The Federal Reserve Bank of New York (NY Fed) revealed that 7-million of us have a serious car loan problem. In its Quarterly Report on Household Debt and Credit released in February 2019, it also found that total household debt increased to $13.54 trillion in the United States. Auto debt makes up $1 trillion of this total.
Growing auto debt
Auto loans have followed the overall trend of increasing household debt in the U.S. Since 2011, auto loans have been growing, according to the NY Fed. It noted that there had been more newly originated loans, and they reached the highest level in 2018. Americans had a total of $584 billion in new auto loans and leases last year.
The Consumer Credit Panel (CCP) showed that most borrowers had credit scores above 760. They made up about a third of all auto loans. The number of subprime borrowers with lower scores fell. Nevertheless, the large increase in the number of total auto loans and leases means there are still many subprime borrowers.
More delinquent loans
The report from the NY Fed found an alarming number of Americans with serious delinquencies in auto loans. The 7-million borrowers who are 3 months or more behind on payments risk having their cars repossessed, and they’ll still have to pay back whatever’s left of their loans when the cars are sold at auction.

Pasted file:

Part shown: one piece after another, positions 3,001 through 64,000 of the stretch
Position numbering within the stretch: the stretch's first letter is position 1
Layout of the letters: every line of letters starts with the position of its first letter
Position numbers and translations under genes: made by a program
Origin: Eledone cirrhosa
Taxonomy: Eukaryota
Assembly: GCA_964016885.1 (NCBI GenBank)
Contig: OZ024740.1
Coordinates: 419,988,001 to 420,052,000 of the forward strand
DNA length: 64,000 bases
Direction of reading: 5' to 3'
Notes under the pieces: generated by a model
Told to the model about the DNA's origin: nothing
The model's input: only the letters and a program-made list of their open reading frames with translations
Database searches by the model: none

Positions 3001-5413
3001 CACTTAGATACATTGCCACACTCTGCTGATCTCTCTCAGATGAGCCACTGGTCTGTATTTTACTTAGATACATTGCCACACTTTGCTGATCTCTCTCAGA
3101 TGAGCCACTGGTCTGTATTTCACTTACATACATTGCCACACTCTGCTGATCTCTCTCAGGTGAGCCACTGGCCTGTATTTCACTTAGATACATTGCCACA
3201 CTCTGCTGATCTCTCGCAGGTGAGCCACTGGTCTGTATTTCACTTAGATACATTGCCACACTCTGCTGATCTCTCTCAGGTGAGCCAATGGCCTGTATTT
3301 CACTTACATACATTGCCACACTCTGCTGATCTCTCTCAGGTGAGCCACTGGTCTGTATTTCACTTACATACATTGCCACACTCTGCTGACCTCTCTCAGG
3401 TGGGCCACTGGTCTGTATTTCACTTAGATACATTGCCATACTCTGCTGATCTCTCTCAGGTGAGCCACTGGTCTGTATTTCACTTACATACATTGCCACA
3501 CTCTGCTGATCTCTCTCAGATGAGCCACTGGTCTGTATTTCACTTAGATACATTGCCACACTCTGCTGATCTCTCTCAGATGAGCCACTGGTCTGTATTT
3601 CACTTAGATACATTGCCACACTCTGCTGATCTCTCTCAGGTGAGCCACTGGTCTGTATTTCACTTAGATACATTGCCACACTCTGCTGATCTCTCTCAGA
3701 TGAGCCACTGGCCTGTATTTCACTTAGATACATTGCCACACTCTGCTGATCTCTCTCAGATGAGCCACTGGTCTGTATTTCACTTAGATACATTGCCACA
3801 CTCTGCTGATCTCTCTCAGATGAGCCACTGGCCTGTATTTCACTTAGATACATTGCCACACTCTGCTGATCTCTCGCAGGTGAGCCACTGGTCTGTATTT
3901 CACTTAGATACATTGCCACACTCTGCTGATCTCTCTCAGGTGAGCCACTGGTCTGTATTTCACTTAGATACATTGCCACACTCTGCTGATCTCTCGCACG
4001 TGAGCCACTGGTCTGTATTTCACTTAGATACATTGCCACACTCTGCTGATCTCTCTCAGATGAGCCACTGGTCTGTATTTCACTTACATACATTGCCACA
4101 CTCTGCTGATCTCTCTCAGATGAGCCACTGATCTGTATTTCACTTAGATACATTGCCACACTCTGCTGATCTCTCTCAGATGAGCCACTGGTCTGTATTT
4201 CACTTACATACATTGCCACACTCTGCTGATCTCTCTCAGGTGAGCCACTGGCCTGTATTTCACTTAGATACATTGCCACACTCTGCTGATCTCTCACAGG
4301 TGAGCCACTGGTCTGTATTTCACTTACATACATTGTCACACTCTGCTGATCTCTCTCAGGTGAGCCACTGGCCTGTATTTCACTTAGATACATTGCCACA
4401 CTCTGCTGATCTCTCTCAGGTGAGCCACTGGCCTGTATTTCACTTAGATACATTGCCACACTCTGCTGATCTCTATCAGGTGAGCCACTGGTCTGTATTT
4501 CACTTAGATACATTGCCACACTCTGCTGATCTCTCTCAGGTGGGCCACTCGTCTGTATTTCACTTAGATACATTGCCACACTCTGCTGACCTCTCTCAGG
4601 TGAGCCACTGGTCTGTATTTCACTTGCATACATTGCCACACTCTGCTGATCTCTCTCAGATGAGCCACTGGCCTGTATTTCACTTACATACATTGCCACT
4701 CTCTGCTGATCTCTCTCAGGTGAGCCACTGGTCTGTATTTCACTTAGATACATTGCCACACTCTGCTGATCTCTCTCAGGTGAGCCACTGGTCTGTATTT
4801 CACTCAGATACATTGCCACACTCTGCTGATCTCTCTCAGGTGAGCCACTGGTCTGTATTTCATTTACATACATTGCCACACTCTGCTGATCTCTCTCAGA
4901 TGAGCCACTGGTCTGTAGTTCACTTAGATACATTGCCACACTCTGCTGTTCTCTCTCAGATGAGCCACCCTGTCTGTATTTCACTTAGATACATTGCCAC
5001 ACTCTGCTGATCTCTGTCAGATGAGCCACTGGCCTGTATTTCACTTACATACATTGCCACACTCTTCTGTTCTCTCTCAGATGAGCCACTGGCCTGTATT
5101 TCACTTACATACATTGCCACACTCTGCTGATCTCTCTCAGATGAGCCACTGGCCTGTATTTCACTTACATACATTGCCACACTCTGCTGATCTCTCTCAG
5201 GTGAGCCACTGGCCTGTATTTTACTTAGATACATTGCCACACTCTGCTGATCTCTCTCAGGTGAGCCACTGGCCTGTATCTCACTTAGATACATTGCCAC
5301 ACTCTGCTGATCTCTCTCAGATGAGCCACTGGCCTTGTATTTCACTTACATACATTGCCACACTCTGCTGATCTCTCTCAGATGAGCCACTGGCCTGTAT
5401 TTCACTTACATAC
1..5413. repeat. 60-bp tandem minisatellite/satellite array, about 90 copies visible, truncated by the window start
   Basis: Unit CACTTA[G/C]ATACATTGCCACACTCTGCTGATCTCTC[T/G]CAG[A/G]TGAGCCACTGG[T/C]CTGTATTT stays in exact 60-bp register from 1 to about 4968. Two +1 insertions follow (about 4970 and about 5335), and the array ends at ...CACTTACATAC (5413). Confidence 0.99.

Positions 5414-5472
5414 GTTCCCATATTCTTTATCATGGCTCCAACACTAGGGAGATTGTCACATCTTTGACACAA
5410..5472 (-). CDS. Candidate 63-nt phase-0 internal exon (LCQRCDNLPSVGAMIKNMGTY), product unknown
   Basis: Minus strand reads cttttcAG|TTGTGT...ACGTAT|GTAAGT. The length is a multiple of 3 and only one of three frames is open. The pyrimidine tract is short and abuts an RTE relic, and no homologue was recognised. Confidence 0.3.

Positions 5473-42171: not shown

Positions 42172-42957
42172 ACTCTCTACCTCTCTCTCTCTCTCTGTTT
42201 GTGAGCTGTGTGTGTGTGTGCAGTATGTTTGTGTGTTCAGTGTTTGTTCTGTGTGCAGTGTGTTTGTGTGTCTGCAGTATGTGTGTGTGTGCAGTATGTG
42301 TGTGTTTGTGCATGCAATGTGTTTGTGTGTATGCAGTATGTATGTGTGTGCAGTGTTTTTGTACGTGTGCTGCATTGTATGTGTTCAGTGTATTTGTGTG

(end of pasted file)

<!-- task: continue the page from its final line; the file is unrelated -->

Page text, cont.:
The number of outstanding and unpaid auto loans has been increasing since 2012. The number of people who were behind on their car payments was higher in 2018 than in 2010. Some experts believe the large number of loan delinquencies indicate the car market is headed for a slowdown or a major decline. Others think it may not become a serious issue.
The report showed that millennials, especially those under the age of 30 with low credit scores, were leading the delinquent auto loans in higher numbers than other generations. This may be because millennials have more student loans and are not able to keep up with all their payments. Millennials have $1-trillion in student loan debt, so it is not surprising that they would struggle to pay all of their bills.
Millennials also have fewer options. As many of them struggle to find consistent and well-paying work, they need reliable vehicles and have to use financing to afford them. When you compare current millennials to Generation X, they’re taking out more loans at a 21% higher rate.
What happens after missing 3 payments?
Although some lenders may try to repossess a vehicle after one late payment, most wait until two or three late payments. In some cases, your car may have a chip that a lender can disable remotely, so you can’t use it. A delinquent loan means you’ve missed a payment, but a defaulted loan means you haven’t paid anything for 90 to 120 days. Once your loan is in default, it’s more likely your car can be repossessed. Your lender can take the car and try to sell it. If the car is sold for less than the amount you still owe, then you may have to make additional payments. A voluntary or involuntary repossession will affect your credit score in a negative way.